THEATRE directors at the Everyman still want to create new work across Gloucestershire despite massive budget cuts.
The Cheltenham theatre struggles on despite a 100 per cent cut in their £52,000 worth of funding from Gloucestershire County Council two years ago.
Thankfully a £500,000 sales target for last year’s pantomime has helped balance the books at the theatre for the forthcoming year and they still receive funding from Cheltenham Borough Council and Arts Council England.
But creative director Paul Milton admits it is ‘tricky’ for the theatre to reach out to Gloucester, the Forest of Dean, Stroud and Cirencester with tightened purse strings.
He also says that theatregoers are less willing to take a risk with new worked in hardened economic times.
He said: “The Mousetrap will sell out. They will come to see Felicity Kendal in a play. But what about this great play that is new? They don’t want to pay the money. People are reluctant to try something they have never heard of, but we do try to encourage them.
“When it comes to Cheltenham audiences, people are not always willing to risk it, but in Manchester they will – they are more savvy. They are prepared to go into the unknown.
“The theatre industry needs to create packages where you buy a ticket for a main show and you get a cheaper one for a new show. I think that is the way it will go.
“With a £52,000 cut from Gloucestershire County Council it places you in a financial struggle. It is increasingly difficult to do new performance work in places like the Forest of Dean, Stroud and Cirencester.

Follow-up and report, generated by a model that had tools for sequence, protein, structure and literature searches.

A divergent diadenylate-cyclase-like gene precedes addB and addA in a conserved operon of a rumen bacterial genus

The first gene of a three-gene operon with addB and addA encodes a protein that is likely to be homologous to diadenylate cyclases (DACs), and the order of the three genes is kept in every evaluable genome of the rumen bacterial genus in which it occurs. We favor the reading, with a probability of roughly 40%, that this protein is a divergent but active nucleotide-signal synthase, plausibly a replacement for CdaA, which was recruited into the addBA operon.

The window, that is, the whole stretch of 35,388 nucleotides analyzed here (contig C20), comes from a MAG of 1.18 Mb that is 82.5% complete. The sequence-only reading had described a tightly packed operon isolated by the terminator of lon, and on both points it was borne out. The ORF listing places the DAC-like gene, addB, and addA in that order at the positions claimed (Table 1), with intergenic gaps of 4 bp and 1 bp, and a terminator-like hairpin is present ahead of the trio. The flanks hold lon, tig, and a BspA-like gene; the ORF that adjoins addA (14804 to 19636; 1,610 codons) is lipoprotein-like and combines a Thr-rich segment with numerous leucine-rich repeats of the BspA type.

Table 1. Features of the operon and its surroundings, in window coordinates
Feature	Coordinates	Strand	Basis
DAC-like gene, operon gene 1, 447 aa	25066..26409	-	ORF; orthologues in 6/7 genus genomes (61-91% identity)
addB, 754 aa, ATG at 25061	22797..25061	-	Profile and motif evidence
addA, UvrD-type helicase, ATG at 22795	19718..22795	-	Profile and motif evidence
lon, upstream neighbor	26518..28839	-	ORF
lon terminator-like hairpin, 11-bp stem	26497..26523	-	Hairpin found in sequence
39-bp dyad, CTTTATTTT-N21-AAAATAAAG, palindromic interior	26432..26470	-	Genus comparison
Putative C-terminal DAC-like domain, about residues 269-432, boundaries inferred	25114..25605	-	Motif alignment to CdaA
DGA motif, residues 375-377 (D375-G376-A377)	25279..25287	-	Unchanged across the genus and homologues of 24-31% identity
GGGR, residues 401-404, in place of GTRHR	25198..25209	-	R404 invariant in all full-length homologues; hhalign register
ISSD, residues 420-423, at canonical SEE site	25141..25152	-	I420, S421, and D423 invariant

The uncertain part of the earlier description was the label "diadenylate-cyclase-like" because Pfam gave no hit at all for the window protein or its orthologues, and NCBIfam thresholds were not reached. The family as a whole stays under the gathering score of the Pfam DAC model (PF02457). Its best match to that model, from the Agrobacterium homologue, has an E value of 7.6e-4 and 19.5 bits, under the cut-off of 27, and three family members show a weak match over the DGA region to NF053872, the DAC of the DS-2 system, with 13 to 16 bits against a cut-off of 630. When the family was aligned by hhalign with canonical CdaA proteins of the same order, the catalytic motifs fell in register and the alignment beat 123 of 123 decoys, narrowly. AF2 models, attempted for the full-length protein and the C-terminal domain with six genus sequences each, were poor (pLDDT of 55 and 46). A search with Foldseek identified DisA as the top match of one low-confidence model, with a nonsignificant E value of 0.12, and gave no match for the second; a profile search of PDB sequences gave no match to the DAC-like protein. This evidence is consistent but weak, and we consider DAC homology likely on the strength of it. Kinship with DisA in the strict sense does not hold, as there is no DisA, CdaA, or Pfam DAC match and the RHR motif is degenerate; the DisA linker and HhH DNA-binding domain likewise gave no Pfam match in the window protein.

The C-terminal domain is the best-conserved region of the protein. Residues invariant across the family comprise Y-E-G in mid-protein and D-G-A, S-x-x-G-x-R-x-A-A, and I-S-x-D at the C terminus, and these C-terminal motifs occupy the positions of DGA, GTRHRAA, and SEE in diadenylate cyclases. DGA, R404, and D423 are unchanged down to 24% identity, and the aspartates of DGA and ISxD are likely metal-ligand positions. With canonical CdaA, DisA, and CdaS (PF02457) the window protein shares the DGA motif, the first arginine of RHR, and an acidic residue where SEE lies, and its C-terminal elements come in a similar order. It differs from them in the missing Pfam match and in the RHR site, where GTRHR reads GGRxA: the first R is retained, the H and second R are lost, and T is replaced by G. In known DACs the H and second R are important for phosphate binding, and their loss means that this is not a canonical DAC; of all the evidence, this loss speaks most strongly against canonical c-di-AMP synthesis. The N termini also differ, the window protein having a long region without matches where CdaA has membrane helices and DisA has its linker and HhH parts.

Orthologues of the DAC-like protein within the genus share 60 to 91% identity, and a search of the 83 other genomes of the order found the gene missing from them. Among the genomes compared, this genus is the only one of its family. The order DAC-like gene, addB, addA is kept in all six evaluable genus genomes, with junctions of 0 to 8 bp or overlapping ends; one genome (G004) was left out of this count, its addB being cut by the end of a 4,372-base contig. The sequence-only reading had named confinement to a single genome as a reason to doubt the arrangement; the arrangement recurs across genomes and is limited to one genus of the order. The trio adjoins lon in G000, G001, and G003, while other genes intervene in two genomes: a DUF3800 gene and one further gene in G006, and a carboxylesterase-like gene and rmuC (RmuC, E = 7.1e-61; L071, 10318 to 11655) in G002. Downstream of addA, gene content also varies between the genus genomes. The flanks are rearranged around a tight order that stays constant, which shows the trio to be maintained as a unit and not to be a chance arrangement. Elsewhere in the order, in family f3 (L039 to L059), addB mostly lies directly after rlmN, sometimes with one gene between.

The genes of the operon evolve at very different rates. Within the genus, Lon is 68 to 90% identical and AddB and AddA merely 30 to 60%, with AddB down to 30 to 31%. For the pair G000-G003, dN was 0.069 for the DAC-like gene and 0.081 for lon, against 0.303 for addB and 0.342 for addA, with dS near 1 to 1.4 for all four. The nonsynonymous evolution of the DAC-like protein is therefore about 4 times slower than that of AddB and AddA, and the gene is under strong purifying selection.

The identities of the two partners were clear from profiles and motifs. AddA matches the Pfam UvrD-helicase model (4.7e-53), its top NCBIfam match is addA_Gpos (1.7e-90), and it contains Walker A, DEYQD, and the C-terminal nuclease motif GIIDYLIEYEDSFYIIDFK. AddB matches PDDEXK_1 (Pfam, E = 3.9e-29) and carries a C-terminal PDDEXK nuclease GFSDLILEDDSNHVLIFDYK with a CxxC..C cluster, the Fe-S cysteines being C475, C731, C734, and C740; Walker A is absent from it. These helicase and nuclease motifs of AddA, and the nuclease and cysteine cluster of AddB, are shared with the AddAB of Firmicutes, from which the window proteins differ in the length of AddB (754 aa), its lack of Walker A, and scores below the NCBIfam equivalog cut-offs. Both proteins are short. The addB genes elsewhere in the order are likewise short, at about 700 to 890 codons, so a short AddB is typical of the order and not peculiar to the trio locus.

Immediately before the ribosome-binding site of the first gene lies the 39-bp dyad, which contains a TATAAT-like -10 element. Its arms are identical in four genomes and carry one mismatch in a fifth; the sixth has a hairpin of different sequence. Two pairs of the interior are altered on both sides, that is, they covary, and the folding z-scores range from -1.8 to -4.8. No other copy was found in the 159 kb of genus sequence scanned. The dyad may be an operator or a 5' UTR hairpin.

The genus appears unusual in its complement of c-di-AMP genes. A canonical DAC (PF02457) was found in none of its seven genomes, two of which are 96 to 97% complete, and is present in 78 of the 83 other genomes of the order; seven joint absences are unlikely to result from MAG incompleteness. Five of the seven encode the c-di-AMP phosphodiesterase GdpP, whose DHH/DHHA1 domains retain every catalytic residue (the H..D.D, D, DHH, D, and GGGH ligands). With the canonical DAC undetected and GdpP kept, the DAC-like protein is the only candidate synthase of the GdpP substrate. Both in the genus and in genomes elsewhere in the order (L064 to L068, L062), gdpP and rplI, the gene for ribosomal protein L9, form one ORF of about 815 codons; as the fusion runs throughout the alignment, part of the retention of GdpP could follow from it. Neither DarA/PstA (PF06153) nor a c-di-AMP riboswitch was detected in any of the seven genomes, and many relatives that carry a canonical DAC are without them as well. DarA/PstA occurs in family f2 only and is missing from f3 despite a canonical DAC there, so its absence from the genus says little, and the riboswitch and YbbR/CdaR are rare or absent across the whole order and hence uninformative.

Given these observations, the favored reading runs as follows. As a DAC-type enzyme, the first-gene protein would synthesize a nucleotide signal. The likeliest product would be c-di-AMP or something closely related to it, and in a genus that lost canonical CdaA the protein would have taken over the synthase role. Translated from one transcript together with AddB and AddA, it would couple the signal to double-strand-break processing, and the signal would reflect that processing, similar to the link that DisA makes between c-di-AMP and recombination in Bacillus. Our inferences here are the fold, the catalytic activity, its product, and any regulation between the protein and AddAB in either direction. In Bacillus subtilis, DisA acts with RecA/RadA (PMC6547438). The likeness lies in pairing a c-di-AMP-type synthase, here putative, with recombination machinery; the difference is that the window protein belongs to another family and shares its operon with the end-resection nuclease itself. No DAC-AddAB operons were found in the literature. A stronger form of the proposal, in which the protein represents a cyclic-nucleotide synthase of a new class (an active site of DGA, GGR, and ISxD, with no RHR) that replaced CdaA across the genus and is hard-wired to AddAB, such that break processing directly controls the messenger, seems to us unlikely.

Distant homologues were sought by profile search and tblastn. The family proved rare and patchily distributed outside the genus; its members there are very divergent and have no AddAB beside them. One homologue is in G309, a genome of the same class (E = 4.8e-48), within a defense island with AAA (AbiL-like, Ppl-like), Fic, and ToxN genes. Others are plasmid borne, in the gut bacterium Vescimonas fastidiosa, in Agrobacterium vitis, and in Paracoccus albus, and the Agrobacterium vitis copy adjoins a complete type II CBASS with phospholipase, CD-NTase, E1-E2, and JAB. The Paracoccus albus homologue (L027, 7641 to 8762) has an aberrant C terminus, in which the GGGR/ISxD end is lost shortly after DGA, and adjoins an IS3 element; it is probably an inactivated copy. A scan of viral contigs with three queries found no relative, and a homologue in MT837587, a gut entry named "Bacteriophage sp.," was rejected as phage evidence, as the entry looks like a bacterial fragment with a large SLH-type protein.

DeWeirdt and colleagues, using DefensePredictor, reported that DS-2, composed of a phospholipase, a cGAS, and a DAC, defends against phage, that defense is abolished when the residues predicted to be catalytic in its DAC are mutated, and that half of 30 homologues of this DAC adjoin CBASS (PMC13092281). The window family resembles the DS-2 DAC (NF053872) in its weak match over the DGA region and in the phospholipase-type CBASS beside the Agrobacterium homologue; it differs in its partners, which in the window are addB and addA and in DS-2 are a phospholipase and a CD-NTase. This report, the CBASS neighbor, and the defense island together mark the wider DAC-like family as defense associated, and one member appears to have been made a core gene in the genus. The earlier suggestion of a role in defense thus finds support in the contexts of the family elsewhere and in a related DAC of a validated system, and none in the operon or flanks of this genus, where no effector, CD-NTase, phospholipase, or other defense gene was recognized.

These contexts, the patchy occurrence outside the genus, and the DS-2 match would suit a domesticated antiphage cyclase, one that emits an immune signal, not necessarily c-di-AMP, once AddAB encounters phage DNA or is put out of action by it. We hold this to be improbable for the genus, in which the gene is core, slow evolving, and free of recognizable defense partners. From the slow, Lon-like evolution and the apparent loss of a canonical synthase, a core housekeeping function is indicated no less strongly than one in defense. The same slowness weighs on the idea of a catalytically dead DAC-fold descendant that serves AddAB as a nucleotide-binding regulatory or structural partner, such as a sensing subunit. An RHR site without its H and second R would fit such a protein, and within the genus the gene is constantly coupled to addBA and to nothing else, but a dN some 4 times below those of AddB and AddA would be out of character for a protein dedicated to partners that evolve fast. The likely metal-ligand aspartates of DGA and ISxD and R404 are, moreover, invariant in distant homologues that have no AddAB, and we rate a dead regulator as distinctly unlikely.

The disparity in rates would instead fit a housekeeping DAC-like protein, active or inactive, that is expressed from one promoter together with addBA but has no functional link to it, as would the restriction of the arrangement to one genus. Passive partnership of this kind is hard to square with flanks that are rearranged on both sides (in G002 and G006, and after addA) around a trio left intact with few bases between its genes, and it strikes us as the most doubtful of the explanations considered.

“I want to see great new plays but it is difficult. People don’t realise how expensive it is to put on a professional show. If the people of Gloucestershire want us to create a professional product then it costs money.
“I overheard one couple who came to a show saying it is getting expensive and I stopped them to tell them about the amount of actors that were being paid, the design, the sound, the costume.
“I’d like to get back to the situation where people become regular theatregoers and will go take a chance on a new production.
“We don’t just receive work – we have done our own productions and we really want to create more. That is tricky in hard times.”
The theatre is forging ahead with a season of creative residents in schools, where children will focus on a First World War theme.
They also want to do a rural tour of a wartime play.
They also do choir and songwriting workshops with homeless people.
“There’s more to us than just putting on a show,” added Paul.
As for Paul himself, for the second time he has won the Writers Guild of Great Britain Award for the encouragement of new writing.